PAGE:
General Education

Alternative Ways to Celebrate Halloween

Alternative Ways to Celebrate Halloween
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Greig Roselli October 15, 2014

Looking for new ways to celebrate Halloween this year? Understanding the history of the holiday can be the perfect way to draw inspiration for alternative ideas.

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Where does Halloween come from? Why do we prance around in costumes and yell trick or treat? Is this even something I want my kid to be doing?

Understanding the history of Halloween not only provides insight into these questions, but also lends inspiration for alternative ideas on how to celebrate the holiday.

History of All Hallows Eve

Halloween has its origins in the changing seasons and the fear people used to have of autumn’s waning sunlight.

The name Halloween is a shortened version of “All Hallows Eve." Hallows is another word for holy. Halloween originated as a nighttime vigil preceding the Christian holiday of All Hallows (All Saints Day), celebrated on November 1.

Modern Halloween is an amalgam of the celebration of fall and the Medieval European superstition that spirits return to earth.

Ancient Roots, Same Stories

Halloween is an ancient tradition. The idea of honoring the seasons precedes Christianity and has its roots in the Celtic festival of harvest, Samhain. The Celts believed that evil spirits were let loose on our earth for one day each year.

During this night, all hell breaks loose. People wear masks to hide from any spirits that might be seeking vengeance. Similarly, the gargoyles that adorn the front of Gothic cathedrals were intended to protect the building from evil. The idea that we can trick away or disgust ghosts is the origin of scary Halloween traditions.

Different Ways to Celebrate Halloween

Halloween's rich history means you can celebrate the day by drawing on elements of its traditions.

Some parents dislike the conventional Halloween festivities for a variety of reasons: religious beliefs, an aversion to scary situations, or concerns with its consumerist tendencies. If you are looking for alternative ways to spend October 31, here are a few places to start:

# A Non-Scary Party

A party does not have to be only “Nightmare on Elm Street" or copyrighted cartoon characters. Bobbing for apples is a fun Halloween tradition without the scare tactics. Fill a bucket with water and have your guests dunk in their heads to retrieve an apple. The first person to fully bite the apple and remove it from the bucket wins! It’s frustrating, clean fun.

You can serve fall related foods. Make your own pumpkin latte or apple cider with a hint of cinnamon.

Dressing Up

Consumerism runs rampant on Halloween. Tickets to Rocky Horror Picture Show experience an uptick, and masks based on the latest installment of Nightmare on Elm Street or costumes of Disney characters and superheroes flood the store shelves.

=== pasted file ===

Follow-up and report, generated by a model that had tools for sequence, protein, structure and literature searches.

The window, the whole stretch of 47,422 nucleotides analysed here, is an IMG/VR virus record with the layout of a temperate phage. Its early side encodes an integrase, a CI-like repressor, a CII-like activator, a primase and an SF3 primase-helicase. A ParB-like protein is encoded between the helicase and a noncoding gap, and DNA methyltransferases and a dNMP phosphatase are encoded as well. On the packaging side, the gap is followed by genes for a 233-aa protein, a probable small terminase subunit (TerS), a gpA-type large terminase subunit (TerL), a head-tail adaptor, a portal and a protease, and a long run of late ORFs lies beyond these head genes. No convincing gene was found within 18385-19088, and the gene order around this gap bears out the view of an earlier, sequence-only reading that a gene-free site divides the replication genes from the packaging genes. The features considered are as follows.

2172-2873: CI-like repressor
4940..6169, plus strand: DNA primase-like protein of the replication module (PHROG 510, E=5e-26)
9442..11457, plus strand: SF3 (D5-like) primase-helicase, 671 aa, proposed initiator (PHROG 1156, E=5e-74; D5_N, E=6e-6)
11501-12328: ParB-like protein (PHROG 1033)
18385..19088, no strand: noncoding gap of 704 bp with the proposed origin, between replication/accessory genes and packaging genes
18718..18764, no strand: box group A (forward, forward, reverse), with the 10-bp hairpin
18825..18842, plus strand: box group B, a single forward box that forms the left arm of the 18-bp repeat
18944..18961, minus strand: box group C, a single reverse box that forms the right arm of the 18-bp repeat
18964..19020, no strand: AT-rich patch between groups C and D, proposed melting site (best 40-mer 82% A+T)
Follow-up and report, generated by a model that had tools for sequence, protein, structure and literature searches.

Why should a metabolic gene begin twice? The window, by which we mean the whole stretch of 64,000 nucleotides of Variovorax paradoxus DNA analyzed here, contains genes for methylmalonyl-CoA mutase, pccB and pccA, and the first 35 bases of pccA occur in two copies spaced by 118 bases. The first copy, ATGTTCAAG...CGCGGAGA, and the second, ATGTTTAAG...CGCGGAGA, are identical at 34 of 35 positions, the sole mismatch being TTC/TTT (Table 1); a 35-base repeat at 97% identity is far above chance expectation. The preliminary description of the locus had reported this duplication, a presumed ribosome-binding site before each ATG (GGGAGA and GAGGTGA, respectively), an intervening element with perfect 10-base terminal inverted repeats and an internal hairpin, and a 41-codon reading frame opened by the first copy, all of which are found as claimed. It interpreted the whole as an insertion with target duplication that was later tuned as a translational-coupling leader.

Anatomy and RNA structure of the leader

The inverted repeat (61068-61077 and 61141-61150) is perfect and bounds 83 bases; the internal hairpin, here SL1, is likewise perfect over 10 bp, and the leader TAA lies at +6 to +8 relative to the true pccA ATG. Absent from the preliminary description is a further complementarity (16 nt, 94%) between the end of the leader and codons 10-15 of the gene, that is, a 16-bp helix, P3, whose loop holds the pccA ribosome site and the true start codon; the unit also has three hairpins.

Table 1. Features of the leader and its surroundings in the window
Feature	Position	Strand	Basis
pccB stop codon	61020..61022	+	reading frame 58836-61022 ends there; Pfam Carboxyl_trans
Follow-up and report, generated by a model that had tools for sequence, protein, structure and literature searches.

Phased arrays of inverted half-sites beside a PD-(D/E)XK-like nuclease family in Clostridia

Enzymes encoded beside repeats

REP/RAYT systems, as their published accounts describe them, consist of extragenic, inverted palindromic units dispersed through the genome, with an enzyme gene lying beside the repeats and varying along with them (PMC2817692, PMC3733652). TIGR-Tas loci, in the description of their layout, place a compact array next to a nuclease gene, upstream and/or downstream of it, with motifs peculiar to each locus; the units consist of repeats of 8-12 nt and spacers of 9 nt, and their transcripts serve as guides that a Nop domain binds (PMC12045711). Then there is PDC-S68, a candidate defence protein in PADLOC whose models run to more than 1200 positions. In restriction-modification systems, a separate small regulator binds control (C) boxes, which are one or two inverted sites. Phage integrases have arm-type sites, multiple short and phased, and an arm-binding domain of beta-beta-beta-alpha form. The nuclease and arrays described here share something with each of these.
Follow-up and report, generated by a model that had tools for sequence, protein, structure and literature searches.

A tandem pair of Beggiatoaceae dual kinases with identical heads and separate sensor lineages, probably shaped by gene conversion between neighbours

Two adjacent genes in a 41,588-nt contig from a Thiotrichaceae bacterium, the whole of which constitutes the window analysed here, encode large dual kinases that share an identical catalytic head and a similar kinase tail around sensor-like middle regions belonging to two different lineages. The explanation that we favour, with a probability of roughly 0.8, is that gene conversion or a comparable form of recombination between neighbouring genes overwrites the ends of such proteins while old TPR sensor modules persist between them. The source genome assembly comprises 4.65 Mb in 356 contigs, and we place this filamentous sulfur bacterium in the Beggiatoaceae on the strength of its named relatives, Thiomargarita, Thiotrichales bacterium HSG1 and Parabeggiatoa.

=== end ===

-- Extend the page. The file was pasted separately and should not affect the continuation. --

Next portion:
For a more inspired take, dress up as an important historical figure. Alternatively, have your child choose a religious figure to emulate, or a character from a cherished story you both love.

For other ideas on creative Halloween costumes, check out: Finding Inspiration at Home for Halloween Costumes.

Harvest Time

The ancient Romans celebrated the fall season as a harvest festival, so an excellent alternative to traditional “trick-or-treating" is to go for a communal hay ride. Alternatively, you can create an autumn celebration at home, in your mosque, church, synagogue, or community center.

Go on an outing to a rural locale and take in the beauty of autumn. Instead of carving a pumpkin, use a gourd to make a flower pot, or do some berry picking. Hand out harvest-inspired healthy snacks (like apples or granola bars), rather than processed sugary foods, to trick-or-treaters.

Explore Common Threads

Teach your children that celebrating life and death is a universal custom shared by many cultures. Read stories from your local library about holidays celebrated around the world.

For example, in Mexico, Los Dias de los Muertos (Days of the Dead) is a three-day festival from October 31 to November 2. In China, springtime is a traditional season to remember the dead. In Japan, during the month of August, lit lanterns represent the souls of the dead returning to visit living relatives and friends.

Cycle of Life

Tell stories of your family's history instead of watching horror flicks on television. Flip through family albums together. Have your children talk to older family members so they can learn about their past. Tell stories of beloved relatives who are now deceased.

Learning the history of holidays is a fun, educational project you can appreciate with your children by your side. Understanding where traditions come from can allow you to find new ways to celebrate a day that has been around for centuries.


Hill, E., & Aiken, K. (2014, September 18). How to make your own damn pumpkin spice latte for $1. Retrieved online from the Huffington Post.

National Endowment for the Humanities (n.d.). Not just halloween: festivals of the dead from around the world. Retrieved online from EDsitement: The Best of the Humanities on the Web.

Rubenstein, B. (n.d.). How to bob for apples. Retrieved online from WikiHow.